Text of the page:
On China by Henry Kissinger
August 4, 2011 by Bob Livingston
But no matter what you may think about Henry Kissinger, who served as National Security Adviser for Richard Nixon and as Secretary of State for the Nixon and Ford Administrations, his latest book, On China, is a valuable read for anyone wishing to better understand how China has emerged as a hugely influential political power.
The first half of Kissinger’s book offers a brief, clearly explained summary of China’s history as a titanic, dominant force in Asia. It makes clear that the Chinese have long seen themselves as the center of world culture and have traditionally proved uninterested in colonizing, conquering or even visiting other countries. For most of their history, the Chinese have considered their own society as the pinnacle of human accomplishment. In that context, they saw no point in interactions with other, “barbarian” countries or letting foreigners have free access to Chinese knowledge or civilization.
In the early 1400s, before Columbus had even played with toy boats in a bathtub, Chinese Admiral Zhen He had sailed to Java, India, the Horn of Africa and the Strait of Hormuz. As Kissinger notes, “China’s fleet possessed what would have seemed an unbridgeable technological advantage…” over European ships. So what did the Chinese do with this advantage? They called off the voyages and, for some inscrutable reason, the Chinese Emperor ordered the fleet dismantled and tried to destroy all written records of the naval explorations.
Fast forward to the middle of the 20th century when Mao Zedong has taken over mainland China and practically destroyed the country with his warped philosophy and practice of constant revolution. Mao, a fierce communist, was, in theory, allied with the Soviet Union in a worldwide effort to defeat capitalist imperialist countries like the United States. However, a closer look at Chinese history shows that this analysis of China’s situation was way too simplistic. For instance, Russia and China were anything but natural allies. Instead, their political systems and territorial desires made them rivals, each expressing conflicting claims for territory in places like Manchuria.
At the same time, Mao’s periodic purges of the Chinese Communist Party, elimination of many of his military commanders and misguided economic plans had killed off 40 million to 50 million of his people by the late 1960s. It is against this backdrop that Kissinger discusses the historic meetings staged between Mao and President Richard Nixon in the early 1970s. Kissinger maintains that these events gave birth to a beneficial reordering of international relations between Asia and the United States.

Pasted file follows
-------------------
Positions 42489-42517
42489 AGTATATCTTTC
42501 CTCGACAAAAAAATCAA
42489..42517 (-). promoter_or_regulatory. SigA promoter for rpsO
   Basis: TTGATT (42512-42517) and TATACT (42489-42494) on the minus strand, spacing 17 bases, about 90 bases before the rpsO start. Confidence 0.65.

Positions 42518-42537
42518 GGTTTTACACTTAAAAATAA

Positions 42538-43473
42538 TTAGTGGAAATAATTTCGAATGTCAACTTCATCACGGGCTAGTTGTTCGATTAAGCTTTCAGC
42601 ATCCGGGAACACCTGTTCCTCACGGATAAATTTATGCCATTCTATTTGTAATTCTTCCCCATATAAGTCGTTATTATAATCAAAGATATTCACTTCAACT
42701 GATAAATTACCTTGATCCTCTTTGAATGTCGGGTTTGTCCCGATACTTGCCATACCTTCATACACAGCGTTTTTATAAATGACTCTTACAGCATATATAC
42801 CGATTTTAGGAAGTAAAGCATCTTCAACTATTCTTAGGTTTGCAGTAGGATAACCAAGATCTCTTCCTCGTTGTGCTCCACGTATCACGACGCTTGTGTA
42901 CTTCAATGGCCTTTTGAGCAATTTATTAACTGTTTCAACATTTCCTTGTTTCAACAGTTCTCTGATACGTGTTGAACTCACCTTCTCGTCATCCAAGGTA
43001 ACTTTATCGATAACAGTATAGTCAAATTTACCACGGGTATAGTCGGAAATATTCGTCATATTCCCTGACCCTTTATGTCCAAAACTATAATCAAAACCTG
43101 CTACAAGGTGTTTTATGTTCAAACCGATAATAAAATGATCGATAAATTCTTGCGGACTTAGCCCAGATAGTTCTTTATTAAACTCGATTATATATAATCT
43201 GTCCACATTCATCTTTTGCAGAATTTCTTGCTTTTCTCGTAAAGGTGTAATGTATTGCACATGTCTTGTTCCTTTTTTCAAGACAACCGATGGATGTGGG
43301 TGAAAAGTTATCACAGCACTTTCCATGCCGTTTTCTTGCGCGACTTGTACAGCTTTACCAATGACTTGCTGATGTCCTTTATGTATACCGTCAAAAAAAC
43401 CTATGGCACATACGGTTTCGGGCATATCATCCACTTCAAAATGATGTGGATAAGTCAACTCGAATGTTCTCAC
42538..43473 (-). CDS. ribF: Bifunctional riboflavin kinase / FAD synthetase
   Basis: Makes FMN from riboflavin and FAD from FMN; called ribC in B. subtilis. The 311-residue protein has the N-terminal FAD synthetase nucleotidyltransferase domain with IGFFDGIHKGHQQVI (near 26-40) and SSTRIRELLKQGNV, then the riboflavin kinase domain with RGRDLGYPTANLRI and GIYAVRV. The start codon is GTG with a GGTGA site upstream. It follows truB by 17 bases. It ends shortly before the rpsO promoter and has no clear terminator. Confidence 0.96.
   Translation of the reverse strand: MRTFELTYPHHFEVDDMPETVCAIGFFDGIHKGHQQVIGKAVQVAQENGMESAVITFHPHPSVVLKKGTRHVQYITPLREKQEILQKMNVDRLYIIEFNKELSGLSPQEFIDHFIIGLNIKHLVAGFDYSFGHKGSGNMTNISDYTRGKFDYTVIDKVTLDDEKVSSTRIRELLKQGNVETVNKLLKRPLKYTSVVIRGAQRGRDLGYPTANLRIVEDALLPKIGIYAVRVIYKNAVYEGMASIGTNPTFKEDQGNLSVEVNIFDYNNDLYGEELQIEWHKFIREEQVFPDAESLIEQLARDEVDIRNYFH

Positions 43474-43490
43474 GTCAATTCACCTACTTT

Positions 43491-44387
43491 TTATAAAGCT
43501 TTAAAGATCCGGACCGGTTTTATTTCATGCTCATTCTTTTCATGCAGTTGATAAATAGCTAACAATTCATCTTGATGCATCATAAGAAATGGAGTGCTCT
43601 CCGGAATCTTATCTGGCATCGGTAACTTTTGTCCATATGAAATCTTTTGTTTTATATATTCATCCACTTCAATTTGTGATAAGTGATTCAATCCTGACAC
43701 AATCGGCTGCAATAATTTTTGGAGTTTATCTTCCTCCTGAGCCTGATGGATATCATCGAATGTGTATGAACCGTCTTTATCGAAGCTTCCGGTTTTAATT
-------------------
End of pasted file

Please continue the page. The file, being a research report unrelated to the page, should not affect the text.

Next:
Certainly, you can’t question that these meetings changed the way China and the U.S. interact. Before Nixon met with Mao, the relationship between the two countries was distant and frosty.
Still, even though Kissinger considers himself a canny strategist, some have questioned the wisdom of letting Nixon go visit Mao. Certainly, Nixon himself seemed to get great domestic advantage from the visit. It distracted from our ongoing failure in Vietnam. It slowed the momentum of some of Nixon’s political opponents. Kissinger got great advantage from them, too, maneuvering these meetings into decades of employment as the chief U.S. expert on Chinese affairs. Since leaving government service, he has enjoyed a lucrative career as a consultant for North American companies doing business with China.
But what did the U.S. get out of defrosting Sino-U.S. dealings? Experts generally agree that in 1972 the Soviets were probably about to go to war with China when Nixon’s making nice with Mao persuaded them to back off. If we had let that war take place, the conflict would obviously have increased our advantage over both of these communist countries. It would have hampered China’s ability to aid North Vietnam. The great drain on Soviet manpower and resources might have sped the downfall of the Soviet Union.
However, Kissinger never really addresses these issues. Instead, we are treated to an inside look at his secret meetings with Chinese leaders. And you have to wonder at the madness transpiring at the top of the Chinese ruling hierarchy. At times, the aging Mao sounds a bit like a deranged fortune cookie. During one meeting, he instructs his functionaries to tell the Americans that “although all under the heaven(s) is in great chaos, the situation is wonderful.”
Most startling of all, Mao tells Kissinger “… people like me sound a lot of big cannons. That is, things like ‘the whole world should unite and defeat imperialism, revisionism, and all reactionaries and establish socialism.’”
In the book, Kissinger reminds us that this phrase, calling for the world to defeat “imperialism, revisions and reactionaries,” was the key slogan used by Mao and Chinese communists for decades, appearing on posters throughout the country. So when Mao laughs and informs Kissinger and Nixon that they shouldn’t take this sloganeering seriously, he reveals an evil cynicism behind the murderous insanity that has destroyed millions of Chinese lives.
And while Kissinger acknowledges how he was startled at Mao’s attitude behind closed doors, he never probes the full implications of what the crazed, tyrannical Mao has told him. You get the feeling that even today, at age 88, long after Mao has passed away, Kissinger is still treating this monstrous Chinese leader with deference even though he was a disgusting monster.